Considering my options, I felt fortunate to land a position as an account executive/copy writer for a small advertising agency. I enrolled in night classes at Western Michigan University, a long drive from St. Joseph across flat, often icy, roads to Kalamazoo. In school, I felt I stood out among the younger students. In the daytime, I felt like a professional: composing copy, writing reports and making cold calls. Most of our clients were small. Our largest client—the one who paid the bills—was a frozen pizza company that had recently transitioned from local to regional, and is now a well-known national company.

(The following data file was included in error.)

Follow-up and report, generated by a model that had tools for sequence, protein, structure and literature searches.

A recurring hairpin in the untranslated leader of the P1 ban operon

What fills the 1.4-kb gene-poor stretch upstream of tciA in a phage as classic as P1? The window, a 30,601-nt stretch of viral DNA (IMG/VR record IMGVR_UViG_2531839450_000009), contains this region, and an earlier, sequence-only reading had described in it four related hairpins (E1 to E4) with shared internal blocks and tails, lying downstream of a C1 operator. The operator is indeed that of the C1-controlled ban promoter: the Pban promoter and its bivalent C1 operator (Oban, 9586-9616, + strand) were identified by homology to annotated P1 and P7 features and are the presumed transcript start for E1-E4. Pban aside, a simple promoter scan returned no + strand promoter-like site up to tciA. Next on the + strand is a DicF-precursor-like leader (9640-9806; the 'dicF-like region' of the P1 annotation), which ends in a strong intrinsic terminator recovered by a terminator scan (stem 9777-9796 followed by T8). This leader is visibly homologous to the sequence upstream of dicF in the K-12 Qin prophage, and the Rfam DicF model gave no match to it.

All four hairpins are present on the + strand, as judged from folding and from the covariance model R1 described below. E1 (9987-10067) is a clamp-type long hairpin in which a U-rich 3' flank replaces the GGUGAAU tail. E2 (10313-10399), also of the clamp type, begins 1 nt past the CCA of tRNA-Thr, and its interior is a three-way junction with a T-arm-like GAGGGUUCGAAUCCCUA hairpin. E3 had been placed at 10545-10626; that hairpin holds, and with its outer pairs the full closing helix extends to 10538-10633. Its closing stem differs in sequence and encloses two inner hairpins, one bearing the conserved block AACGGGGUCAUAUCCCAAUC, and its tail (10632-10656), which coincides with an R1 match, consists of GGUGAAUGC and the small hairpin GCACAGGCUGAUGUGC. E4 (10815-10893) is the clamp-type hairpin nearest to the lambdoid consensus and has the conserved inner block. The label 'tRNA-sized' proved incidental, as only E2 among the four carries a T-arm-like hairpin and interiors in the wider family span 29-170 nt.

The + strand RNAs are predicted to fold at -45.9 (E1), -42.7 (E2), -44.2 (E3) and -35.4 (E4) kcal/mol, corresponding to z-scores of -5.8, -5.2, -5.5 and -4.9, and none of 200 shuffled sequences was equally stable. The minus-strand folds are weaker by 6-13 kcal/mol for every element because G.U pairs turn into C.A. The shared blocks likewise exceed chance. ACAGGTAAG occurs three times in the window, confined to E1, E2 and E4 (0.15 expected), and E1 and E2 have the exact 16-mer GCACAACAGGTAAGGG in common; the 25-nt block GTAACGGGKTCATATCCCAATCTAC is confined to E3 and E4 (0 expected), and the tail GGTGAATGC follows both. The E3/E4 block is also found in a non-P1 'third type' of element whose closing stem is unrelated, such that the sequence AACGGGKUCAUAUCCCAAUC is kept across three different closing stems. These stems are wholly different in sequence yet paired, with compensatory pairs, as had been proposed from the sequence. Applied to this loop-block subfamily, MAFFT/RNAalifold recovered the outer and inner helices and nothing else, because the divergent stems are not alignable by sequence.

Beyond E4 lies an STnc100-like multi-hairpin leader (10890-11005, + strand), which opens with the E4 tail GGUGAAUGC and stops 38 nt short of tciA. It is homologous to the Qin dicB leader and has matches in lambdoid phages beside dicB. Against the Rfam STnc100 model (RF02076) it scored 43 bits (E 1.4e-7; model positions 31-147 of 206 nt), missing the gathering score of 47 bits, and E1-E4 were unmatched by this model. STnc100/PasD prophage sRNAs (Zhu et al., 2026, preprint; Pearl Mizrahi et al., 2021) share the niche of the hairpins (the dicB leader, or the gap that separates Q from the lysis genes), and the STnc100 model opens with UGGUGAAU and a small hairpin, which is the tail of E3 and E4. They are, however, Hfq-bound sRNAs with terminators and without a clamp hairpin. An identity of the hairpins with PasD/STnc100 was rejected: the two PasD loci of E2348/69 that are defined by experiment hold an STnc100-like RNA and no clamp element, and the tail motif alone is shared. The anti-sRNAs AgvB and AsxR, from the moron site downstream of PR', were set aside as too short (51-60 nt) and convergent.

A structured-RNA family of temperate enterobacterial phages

The agency employed only six full-time people, including the secretary. Given our agency’s size, we were often required to assist in projects outside our regular purviews. I was particularly excited the day I was to be photographed for a brochure for the pizza company. I was young and attractive (maybe part of the reason I was hired at the agency without a degree) and had on occasion filled in as a model at the newspaper back in Ohio. Still I was flattered to be the star of the shoot. I also liked becoming a more involved member of the agency. Usually my position was solitary, sitting at my desk writing or talking on the phone.